Macs stick around. What about other laptops?
January 26, 2013 12:36 PM   Subscribe

I would like to save up for a new laptop. My current laptop is an original (2006) black MacBook. Should I save up for a new/refurb MacBook [Pro/Air], or are there less expensive but high-quality PC laptops out there?

I would like to save up for a new laptop, but a Mac, even a refurbished one, is almost too expensive to wish for right now. All my experience with Mac laptops is that they become obsolete speedwise long before they wear out physically, when treated right. All my (limited) experience with PC laptops is that they feel cheap and some part inevitably breaks with regular use and needs to be replaced for a disproportionate cost.

I'm extremely partial to Macs, even when I don't run Mac OS X on them. I love the feel of the keyboard and the solidity of their build. Trying to use my roommate's netbook's trackpad is like trying to write left-handed.

It'd almost be no question that I want another Mac, but recent models are much less upgradeable (and thus less future-proof) than they used to be. Can't replace the battery, can't upgrade the RAM or the hard drive (on the Retina models, at least).

Basically, I'm looking for a very solid, sleek laptop with a lot of thought to UX design and enough power and upgrade potential to last for 5+ years.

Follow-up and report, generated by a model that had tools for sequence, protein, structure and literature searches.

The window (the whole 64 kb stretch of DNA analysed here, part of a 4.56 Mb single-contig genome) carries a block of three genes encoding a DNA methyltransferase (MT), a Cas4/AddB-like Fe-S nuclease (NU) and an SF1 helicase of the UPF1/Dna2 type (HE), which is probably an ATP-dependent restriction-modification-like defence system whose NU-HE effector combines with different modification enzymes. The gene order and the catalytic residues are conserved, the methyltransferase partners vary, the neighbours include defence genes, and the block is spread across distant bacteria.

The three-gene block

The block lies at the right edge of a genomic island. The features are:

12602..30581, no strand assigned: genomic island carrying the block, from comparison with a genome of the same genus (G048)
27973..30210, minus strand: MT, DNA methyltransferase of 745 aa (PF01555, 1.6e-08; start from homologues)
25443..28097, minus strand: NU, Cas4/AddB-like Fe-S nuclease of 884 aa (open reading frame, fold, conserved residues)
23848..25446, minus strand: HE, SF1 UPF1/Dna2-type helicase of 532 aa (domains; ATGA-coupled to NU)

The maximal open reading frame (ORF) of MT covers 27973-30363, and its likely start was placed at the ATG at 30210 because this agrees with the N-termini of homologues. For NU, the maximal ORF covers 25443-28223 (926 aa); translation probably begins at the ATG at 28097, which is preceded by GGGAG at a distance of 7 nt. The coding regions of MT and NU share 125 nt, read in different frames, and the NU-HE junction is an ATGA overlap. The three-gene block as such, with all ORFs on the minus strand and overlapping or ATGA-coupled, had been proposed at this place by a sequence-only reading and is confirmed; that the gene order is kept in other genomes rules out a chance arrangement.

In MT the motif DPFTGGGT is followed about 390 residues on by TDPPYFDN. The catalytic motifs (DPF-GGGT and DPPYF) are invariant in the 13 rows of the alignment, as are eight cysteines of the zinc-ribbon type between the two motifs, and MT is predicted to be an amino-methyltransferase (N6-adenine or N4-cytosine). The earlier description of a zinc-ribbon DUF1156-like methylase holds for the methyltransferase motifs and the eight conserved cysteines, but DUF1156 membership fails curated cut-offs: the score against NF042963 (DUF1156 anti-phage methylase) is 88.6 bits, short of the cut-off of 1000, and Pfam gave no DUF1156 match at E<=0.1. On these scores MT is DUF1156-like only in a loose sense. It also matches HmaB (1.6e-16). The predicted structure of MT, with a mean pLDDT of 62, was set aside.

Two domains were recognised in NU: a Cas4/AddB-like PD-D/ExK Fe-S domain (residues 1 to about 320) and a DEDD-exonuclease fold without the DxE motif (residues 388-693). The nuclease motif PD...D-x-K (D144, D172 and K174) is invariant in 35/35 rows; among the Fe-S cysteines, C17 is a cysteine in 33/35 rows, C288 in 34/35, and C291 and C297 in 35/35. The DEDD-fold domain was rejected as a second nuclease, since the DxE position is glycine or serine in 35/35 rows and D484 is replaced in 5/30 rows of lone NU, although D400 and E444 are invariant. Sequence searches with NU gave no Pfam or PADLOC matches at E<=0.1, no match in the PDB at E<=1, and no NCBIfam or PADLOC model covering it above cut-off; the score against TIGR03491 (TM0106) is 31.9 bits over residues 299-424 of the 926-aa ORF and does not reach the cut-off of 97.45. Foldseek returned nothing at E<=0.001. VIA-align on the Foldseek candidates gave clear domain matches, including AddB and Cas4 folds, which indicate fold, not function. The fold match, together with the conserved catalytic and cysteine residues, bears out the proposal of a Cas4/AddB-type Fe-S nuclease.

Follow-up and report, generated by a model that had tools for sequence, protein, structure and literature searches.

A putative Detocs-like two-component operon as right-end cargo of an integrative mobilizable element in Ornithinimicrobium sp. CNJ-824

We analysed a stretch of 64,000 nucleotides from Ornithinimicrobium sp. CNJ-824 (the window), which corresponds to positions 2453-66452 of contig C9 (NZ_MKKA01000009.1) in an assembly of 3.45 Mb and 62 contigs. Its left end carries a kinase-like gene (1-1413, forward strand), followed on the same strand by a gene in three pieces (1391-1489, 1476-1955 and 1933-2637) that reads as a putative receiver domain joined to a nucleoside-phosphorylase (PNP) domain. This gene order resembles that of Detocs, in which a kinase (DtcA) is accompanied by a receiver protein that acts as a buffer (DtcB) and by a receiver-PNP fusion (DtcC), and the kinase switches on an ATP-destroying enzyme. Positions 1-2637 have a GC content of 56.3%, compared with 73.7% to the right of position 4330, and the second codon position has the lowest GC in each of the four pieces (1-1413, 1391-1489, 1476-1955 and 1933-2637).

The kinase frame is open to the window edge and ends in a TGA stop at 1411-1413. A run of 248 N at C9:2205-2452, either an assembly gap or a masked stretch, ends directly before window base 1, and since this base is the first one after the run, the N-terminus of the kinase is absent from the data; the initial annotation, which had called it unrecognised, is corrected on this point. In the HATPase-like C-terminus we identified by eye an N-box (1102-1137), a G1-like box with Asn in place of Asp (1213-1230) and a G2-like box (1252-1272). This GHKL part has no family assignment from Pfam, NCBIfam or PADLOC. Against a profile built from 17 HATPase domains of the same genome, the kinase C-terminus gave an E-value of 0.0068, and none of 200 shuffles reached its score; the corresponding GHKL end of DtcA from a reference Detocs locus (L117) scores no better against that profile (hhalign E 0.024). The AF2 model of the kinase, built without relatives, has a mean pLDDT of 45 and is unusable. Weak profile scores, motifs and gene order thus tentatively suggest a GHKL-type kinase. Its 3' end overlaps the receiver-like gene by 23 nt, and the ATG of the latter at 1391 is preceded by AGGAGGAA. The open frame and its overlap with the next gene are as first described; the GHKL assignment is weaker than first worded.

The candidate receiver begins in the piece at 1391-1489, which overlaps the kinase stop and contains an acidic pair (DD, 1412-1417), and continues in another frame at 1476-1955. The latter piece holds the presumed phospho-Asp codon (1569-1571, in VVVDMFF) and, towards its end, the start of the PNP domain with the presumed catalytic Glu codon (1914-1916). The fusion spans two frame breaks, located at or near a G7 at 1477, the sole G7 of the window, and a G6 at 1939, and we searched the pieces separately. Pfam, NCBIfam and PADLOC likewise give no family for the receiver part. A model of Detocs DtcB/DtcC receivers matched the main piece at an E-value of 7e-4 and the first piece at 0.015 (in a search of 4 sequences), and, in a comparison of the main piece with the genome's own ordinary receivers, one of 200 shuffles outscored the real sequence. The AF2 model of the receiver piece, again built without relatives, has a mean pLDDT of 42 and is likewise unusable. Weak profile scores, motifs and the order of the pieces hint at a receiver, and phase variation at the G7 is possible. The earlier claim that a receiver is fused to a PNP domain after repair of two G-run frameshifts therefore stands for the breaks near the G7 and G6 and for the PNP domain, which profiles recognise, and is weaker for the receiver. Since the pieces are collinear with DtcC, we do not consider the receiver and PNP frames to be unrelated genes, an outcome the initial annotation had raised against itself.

As far as my usage patterns: I have a desktop that I use for work (software development). I use my MacBook on the couch for web surfing with plenty of Chrome tabs open, a Twitter client, and other basic things. I would like to do basic time-passing gaming (anything where orientation doesn't depend on the mouse, because of the trackpad), running Flash or HTML5 apps and games, watching videos on occasion, and so on. A few times a week I take my MacBook out on battery and do dev work.

tl;dr requirements:
  • Dual core minimum
  • 3+ hour battery life with moderate usage
  • RAM upgradeable to 8GB+
  • Hard drive upgradeable
  • Multi-touch trackpad with Mac-like features (two-finger scrolling, etc)
  • Mid-size: 13-15", good resolution
  • Well-built, no history of faulty power connectors, hinges, trackpad buttons, power bricks etc.
  • Significantly cheaper than a comparably-powerful Mac
...Am I better off just buying a Mac?
posted by WasabiFlux to Computers & Internet (13 answers total) 10 users marked this as a favorite
Best answer: Lenovo's ThinkPads are generally high-quality beasts (excepting the x100-series), but you're not going to get the same trackpad experience you have on a Macbook. There's simply not a comparable trackpad on the market.
posted by BrandonW at 12:42 PM on January 26, 2013 [1 favorite]